Photo-Illustration: Hugo Yu/

When Spencer Chang set out to try all the bubble teas in Long Island City in March 2021, documenting his journey on his Instagram account, he found 13 shops in the neighborhood serving it. Now there are more than 20. Chang’s current favorite comes from Boba & Bean, a stall inside the ABC Eats Food Hall that makes its pearls in-house, but his top choice could change at any time given the variety and the speed at which the stores are multiplying. That’s not to say the market is saturated: “I don’t feel like there are too many,” Chang clarifies. “There are enough people here to support them.”

Between 2010 and 2020, Long Island City’s population increased by 40 percent, five times the city’s overall rate of growth. In addition to that, the latest Census data shows that 36 percent of Queens Community District 2 — which includes Long Island City, Sunnyside, and Woodside — is Asian, compared with 9 percent citywide. And while there is no official data to quantify the trend, young Chinese expats seem to be especially attracted to the neighborhood. Chang, who is Chinese American, says, “I joke that Long Island City is becoming the yuppie Flushing.”

If the ease of getting to and from midtown has historically been the area’s draw, there is now a growing number of reasons for residents — many of them young and affluent — to stick around. Dozens of new businesses have opened in the past year and a half, most of them smaller, homegrown operations, often on the ground floors of the new condos and glass-walled office towers.

With Noodlecraft, a neon-lit shop just south of Court Square, co-owner Fanny Hsu wanted to create a hangout for local families. Her menu features bouncy, handmade noodles but isn’t tied to a specific region. Instead, she and partner Qina Tan take a Pan-Asian approach, including both Cantonese wonton noodle soup and spicy dan dan noodles from Sichuan as well as Singaporean laksa, dim sum, and bubble tea. “The Asian restaurants that are opening are not necessarily those old-school, traditional restaurants that you find in Manhattan’s Chinatown or Flushing,” Hsu says. “They are more modern.”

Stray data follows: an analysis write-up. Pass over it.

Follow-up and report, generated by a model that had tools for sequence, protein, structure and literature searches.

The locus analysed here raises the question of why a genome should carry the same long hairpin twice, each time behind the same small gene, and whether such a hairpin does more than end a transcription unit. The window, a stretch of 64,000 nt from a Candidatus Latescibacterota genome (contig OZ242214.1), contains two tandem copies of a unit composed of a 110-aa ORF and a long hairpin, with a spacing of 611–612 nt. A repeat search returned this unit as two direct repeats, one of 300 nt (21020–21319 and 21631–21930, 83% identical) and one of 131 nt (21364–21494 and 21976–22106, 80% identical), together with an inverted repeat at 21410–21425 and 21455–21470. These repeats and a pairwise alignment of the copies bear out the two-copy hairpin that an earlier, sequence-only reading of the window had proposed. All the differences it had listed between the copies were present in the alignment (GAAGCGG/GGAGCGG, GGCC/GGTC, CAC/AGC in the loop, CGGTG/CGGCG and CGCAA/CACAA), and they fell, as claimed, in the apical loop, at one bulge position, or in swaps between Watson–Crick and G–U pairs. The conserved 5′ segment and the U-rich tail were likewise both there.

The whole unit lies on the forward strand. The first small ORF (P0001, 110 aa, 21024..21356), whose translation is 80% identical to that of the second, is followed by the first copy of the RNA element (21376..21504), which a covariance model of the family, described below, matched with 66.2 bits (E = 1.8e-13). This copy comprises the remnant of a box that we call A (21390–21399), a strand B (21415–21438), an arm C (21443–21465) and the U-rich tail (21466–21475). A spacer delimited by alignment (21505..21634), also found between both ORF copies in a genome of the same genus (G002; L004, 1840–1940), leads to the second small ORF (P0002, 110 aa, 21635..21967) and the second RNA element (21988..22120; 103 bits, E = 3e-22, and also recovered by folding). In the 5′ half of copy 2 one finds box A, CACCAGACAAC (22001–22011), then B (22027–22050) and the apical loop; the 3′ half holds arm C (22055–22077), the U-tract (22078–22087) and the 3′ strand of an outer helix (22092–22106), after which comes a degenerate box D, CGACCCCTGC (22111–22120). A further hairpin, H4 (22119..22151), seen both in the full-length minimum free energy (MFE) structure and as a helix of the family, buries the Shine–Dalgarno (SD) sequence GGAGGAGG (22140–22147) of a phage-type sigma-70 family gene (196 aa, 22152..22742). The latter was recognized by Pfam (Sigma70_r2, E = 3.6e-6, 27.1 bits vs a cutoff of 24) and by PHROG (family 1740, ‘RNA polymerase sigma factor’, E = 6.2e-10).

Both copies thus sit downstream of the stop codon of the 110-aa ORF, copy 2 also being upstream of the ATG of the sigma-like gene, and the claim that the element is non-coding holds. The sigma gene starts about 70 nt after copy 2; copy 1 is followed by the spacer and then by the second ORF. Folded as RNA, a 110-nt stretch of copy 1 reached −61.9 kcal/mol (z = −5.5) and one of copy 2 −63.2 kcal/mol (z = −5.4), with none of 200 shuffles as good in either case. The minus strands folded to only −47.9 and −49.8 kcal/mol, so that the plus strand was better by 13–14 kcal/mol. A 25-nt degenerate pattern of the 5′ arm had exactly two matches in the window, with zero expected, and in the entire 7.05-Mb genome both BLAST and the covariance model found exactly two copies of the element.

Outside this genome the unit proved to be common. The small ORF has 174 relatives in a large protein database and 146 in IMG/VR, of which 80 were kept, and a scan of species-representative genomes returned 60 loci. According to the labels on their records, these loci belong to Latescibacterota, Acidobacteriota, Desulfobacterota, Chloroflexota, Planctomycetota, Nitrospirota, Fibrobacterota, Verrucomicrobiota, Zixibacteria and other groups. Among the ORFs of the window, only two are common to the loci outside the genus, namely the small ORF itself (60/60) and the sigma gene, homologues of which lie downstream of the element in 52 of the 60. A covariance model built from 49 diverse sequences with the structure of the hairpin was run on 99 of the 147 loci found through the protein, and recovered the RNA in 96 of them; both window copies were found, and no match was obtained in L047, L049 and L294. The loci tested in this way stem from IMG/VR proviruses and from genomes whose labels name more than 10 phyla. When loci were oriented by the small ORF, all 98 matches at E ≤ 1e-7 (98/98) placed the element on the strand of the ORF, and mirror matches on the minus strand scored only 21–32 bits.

Mengnan Zhang, who moved to the neighborhood in 2018, waits up to two hours for cumin lamb skewers to be delivered from her favorite Uyghur restaurant in Flushing — “We order in the afternoon so we can eat it for dinner; otherwise, it would arrive wayyy too late,” she says — but the lack of options nearby inspired her to start her own business. In 2022, she launched Downstairs, a food truck specializing in straightforward dishes such as five-spice braised pork knuckle over rice and chicken thighs with scallion-shallot sauce, which she parked on Jackson Avenue as part of a group of trucks that line the stretch on warmer days. She was immediately slammed. Now, she updates dessert specials and drinks on WeChat, where 2,000 people follow 楼下, or “Lóu Xià,” as the truck is known in Mandarin. Most days, the food is sold out by 7 p.m.

A number of chains (Xi’an Famous Foods, Paris Baguette) have opened in the past five years, and last fall, the Queens-based, Japanese-inspired department store Teso Life unleashed a joyland of rare Asian snacks, such as roast-goose-flavored Lay’s, inside a space that had been a Santander bank. A block away, Ai Mart, a family-run grocery, has a bounty of leafy vegetables and meat that is sliced specifically for hot pot or tabletop barbecue, stocked alongside bottles of 100Plus, a hard-to-find Malaysian sports drink, and enough instant noodles to rival H Mart.

Of course, any proper destination for East Asian eating needs dessert cafés, and here, too, Long Island City is covered: Taste Crème fills its cases with chiffon cakes and cupcakes in flavors like blueberry Earl Grey. Multisweet offers custom cakes and tweaks on classic Chinese desserts such as durian mochi and soy-milk-custard shortcake. There’s also a new location of Spot Dessert Bar inside the JACX office complex, where the company is planning a full-service breakfast and brunch for the first time.

More restaurants are coming: A soufflé-pancake café, Softbite, just opened, as did an izakaya called Knock Knock and 929, a cocktail bar inspired by the owner’s love for Cantopop and Mandopop music. The new stores are moving in so quickly that even residents are having difficulty keeping track. Chang, who runs the boba Instagram, recently asked his mother to translate a new sign in the neighborhood; it was for a jubensha game company, which hosts interactive murder mysteries — like cosplaying Knives Out — that have become wildly popular in China. “They don’t even need to cater to English speakers,” Chang says.